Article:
16 



Scholastic Regulations 



State College, Albertus Magnus College and Ouinnipiac College. Uni- 
versity of New Haven students interested in taking courses at other col- 
leges and universities in the New Haven area should discuss this matter 
directly with the deans and consult the statement of policy established 
by the undergraduate schools. 



Transfer of Credit to the University 

Students may transfer to the university after completing academic 
work at other institutions. Application for admission should be made to 
the Director of Admissions. If feasible, a potential transfer student should 
visit the university and discuss his or her transfer credit situation with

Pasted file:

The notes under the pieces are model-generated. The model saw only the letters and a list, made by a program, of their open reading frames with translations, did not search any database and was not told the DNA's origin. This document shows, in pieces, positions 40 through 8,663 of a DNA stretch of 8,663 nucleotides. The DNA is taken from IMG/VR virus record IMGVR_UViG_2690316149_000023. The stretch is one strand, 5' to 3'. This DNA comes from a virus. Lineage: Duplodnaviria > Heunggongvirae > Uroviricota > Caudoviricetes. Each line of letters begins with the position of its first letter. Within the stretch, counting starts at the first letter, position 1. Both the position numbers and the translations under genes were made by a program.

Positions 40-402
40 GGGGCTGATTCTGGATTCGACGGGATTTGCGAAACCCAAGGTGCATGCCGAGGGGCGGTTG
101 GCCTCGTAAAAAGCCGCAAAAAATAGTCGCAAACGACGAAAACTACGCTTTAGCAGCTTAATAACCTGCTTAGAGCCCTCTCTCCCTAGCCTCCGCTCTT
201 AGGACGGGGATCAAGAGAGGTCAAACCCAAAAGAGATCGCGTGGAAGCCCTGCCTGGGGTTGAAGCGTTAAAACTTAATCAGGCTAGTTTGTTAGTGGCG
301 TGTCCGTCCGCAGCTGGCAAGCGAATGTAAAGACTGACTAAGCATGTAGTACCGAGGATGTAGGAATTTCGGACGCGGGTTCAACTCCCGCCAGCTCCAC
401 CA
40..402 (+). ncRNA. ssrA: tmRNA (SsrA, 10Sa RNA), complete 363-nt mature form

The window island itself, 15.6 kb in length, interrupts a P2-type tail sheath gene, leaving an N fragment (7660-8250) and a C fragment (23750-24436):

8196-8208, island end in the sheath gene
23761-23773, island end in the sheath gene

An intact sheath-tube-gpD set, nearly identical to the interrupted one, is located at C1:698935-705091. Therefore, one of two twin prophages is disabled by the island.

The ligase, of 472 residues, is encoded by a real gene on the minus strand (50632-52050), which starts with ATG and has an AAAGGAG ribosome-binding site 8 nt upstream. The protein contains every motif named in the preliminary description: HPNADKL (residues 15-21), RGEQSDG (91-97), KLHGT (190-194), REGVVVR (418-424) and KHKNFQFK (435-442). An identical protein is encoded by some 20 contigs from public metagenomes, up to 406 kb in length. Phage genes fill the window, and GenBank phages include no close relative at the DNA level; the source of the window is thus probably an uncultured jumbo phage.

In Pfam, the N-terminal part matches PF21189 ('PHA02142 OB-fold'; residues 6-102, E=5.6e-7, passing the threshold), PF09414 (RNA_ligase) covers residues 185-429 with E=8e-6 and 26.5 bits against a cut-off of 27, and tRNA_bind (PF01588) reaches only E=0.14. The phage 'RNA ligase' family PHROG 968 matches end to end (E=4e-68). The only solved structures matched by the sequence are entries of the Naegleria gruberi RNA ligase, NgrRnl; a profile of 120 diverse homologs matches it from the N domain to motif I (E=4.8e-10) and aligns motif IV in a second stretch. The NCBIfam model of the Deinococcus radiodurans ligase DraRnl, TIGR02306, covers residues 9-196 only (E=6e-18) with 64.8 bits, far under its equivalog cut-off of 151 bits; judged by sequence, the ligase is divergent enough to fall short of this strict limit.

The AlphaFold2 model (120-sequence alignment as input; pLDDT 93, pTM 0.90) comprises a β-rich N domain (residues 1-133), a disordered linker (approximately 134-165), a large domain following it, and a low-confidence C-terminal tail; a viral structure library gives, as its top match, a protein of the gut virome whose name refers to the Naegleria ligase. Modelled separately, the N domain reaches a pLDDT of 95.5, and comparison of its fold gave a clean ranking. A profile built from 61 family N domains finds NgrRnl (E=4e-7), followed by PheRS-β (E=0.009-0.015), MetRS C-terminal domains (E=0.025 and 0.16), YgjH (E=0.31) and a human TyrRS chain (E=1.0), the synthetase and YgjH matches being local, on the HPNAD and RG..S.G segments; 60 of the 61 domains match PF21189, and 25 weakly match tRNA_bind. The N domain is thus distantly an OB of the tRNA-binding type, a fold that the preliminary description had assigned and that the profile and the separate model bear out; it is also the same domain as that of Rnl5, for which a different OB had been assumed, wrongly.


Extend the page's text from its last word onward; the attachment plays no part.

the chairman or dean administering the curriculum of interest. Transfer 
credit may be affected by the level of accreditation of the institutions 
previously attended. Normally, the university accepts credit from re- 
gionally or nationally accredited colleges on an equivalency basis. 

Students transferring from another institution must possess at least 
a 2.00 quality point ratio. Credit is normally granted only for those 
courses completed with a grade of C, or its equivalent, or better. Credit 
transferred from a two-year institution is generally limited to 60 credit 
hours, unless otherwise approved in writing by the dean of the school 
in which the student seeks to enroll. 

Final decisions on transfer credit are made by the department 
chairmen and must conform to policies unique to the school. Specific 
programs may require that a potential student take qualifying or place- 
ment examinations. 

Plans of stiidy for a University of New Haven degree should be